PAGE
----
When we dug our first well, we could tell it wouldn’t supply enough water for our needs, so we moved about fifty feet away and dug another that was four times as deep and regenerated twice as fast. Our good friend, Jerry Buckingham, doused the location of that deep well. That well was more than enough for almost twelve years until the latest and longest drought which dried them both up. They still generate a little water—enough for drinking, cooking, and bathing. However, we need water for washing clothes, washing dishes, washing dogs, showers for the staff, watering trees, flowers, and plants, as well as washing the car, and providing water for washing lots of little hands every day before porridge eating and before their main meal of rice and beans.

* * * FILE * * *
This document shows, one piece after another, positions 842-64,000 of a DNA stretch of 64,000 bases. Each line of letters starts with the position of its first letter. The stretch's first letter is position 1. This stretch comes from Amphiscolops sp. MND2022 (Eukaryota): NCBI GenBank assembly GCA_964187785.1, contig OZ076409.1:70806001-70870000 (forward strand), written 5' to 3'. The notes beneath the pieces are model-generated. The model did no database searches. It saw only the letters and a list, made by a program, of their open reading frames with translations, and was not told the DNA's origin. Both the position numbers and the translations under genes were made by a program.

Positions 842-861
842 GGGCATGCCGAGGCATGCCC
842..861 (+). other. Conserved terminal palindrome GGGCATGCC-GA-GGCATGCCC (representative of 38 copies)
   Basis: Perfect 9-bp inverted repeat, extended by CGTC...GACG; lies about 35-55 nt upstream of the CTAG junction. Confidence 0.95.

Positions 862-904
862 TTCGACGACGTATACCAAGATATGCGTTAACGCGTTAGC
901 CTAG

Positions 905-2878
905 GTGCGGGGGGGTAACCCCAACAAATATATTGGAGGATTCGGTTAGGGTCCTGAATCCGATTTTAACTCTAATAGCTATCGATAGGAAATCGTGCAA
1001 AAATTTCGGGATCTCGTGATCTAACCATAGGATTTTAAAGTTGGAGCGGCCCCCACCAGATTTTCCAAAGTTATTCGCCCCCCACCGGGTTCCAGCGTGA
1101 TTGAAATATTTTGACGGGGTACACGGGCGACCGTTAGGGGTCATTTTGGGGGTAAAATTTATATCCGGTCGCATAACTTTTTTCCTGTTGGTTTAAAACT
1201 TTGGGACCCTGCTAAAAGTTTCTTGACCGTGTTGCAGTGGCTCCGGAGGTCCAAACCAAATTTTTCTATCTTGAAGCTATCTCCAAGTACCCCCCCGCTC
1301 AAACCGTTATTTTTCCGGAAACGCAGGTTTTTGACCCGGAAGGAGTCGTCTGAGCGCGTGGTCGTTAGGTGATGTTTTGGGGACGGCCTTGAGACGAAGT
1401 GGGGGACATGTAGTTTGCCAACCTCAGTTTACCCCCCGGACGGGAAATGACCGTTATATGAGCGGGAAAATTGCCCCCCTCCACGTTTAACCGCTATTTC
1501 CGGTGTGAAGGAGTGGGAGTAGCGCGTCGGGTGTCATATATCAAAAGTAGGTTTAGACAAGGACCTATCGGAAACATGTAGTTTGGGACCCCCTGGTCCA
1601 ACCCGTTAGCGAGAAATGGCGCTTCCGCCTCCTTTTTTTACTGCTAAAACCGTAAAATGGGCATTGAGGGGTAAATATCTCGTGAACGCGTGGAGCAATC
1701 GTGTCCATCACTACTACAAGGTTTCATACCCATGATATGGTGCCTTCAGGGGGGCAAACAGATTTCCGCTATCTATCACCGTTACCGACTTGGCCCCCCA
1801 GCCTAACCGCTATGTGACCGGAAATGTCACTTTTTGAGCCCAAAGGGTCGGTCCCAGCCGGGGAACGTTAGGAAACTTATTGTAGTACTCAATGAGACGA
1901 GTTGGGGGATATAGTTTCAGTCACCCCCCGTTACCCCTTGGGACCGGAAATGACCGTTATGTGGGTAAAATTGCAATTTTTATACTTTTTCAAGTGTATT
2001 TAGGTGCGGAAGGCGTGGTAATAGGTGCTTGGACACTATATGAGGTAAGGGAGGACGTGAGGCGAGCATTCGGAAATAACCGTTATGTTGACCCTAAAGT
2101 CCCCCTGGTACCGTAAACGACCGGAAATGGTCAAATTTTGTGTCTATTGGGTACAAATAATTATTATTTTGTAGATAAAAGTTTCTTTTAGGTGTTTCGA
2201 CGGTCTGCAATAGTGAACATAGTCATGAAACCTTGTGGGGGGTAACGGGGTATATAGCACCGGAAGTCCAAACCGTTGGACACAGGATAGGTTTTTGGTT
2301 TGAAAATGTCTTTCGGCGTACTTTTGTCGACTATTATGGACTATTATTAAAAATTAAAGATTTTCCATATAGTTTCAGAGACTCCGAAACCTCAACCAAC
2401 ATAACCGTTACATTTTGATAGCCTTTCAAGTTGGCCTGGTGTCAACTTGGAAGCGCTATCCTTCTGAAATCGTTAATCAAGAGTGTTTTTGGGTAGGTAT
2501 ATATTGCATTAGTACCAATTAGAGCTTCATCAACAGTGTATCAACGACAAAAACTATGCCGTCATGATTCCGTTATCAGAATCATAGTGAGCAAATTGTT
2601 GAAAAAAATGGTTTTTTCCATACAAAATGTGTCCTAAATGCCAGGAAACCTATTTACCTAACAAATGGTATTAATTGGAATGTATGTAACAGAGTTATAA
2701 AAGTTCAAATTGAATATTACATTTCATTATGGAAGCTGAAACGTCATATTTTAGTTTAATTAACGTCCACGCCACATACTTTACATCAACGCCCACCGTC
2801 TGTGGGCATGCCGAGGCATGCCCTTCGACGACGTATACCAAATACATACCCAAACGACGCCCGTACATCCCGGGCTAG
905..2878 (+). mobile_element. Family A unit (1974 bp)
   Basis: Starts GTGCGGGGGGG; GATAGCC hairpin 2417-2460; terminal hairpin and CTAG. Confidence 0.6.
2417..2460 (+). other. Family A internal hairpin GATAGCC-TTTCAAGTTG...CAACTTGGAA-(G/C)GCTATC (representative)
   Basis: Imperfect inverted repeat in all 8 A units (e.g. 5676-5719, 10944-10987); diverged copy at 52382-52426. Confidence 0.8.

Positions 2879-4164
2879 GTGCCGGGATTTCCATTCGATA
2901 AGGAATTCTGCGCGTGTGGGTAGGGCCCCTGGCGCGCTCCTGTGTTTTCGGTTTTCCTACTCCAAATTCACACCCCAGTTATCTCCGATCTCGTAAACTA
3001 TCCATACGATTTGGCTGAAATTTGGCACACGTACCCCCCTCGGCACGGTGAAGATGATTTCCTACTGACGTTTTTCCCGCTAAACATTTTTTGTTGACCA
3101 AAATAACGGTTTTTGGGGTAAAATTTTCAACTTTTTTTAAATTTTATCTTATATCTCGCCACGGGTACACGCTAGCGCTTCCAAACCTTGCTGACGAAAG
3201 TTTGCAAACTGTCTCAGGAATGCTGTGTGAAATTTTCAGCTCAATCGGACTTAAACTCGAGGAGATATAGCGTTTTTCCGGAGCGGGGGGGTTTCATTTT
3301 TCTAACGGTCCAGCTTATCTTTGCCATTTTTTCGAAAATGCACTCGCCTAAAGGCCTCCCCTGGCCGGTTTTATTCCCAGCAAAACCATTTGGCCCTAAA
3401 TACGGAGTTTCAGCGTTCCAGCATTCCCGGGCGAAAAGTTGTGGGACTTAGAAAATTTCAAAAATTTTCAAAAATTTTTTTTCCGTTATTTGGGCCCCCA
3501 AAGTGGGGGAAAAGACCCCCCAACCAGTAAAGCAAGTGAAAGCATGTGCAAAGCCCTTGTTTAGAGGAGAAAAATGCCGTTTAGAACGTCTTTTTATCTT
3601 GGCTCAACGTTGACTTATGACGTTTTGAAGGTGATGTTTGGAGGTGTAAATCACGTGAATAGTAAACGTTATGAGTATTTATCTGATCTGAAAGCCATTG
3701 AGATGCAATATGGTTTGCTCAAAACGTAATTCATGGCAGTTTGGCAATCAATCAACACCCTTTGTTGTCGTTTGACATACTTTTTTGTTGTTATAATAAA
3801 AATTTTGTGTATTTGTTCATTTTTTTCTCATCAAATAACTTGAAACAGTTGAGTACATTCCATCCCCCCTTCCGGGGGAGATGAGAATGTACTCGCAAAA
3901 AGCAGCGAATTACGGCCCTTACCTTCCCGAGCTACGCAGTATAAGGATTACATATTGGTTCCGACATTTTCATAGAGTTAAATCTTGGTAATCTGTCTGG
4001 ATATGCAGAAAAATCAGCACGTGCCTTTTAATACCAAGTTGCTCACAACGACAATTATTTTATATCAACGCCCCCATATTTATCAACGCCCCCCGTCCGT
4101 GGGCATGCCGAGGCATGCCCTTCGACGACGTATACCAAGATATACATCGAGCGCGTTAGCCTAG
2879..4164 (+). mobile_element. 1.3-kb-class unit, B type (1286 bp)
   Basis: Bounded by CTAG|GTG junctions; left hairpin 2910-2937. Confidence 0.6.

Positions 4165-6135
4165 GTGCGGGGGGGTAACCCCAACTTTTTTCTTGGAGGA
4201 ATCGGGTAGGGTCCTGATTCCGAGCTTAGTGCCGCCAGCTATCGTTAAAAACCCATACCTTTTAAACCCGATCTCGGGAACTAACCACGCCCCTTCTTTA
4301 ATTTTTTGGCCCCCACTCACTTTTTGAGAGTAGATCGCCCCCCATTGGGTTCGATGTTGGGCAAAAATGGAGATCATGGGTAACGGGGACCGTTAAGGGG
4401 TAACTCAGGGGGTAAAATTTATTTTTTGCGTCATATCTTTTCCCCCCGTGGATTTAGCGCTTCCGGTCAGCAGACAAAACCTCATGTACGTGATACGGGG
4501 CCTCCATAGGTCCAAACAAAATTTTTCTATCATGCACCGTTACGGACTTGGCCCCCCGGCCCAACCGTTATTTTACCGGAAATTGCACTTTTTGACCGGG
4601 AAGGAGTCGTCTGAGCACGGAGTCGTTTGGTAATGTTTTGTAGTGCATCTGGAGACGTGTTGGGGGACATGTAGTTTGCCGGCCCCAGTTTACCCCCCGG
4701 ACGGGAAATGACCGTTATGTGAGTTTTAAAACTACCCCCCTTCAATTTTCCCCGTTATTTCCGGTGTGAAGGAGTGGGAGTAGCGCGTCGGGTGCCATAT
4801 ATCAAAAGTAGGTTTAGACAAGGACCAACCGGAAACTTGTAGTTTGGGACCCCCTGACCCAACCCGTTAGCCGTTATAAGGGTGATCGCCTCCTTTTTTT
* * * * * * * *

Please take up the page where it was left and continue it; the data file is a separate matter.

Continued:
We had the city out and they gave us an unbelievably high estimate for connection, and we turned them down. Instead, we dug the wells deeper and that worked for a while, but the rains held off and what gains we had made disappeared. In the meantime, more and more people were hooking up to the city water (pumped from Lake Victoria) and the prices had come down somewhat. We still needed almost $3,000 that we didn’t have to make it work. I posted one blog and one short line on my watch forum, and the money, all we needed, was in our bank account in less than two weeks. God bless all who gave. Now, as you can see from the picture at the right and the one on my Facebook post, the trenches have been dug, the pipes installed, and we are building a tower to hold the tank that will contain the city water. As of eleven o'clock last night, Shaban (who was working his crew with flashlights) reported that we were officially hooked up. We have no pumps on the premises, everything is gravity fed, so we need to get the tank up high to drive the water through the pipes. We build with local stones and fired bricks made by our neighbors—like everyone else here has done for centuries. Our house and all the other buildings were built the same way. They are solid, have a great R factor, and will stand for a long, long time. Thanks to the kindness of some friends and some strangers, we will continue to have water to operate our mission for many years to come. You may have noticed that there is a theme of “kindness” in many of my blogs—that’s on purpose. At the bottom of each of my daily posts on my watch forum, I always end with “Remember to be kind” and even others have started adding that to their posts. Like yesterday’s blog recorded, a little kindness can go a long, long way and change lives in the process. Keep planting those little seeds of kindness and our children’s children will have a forest of kindness in which to live.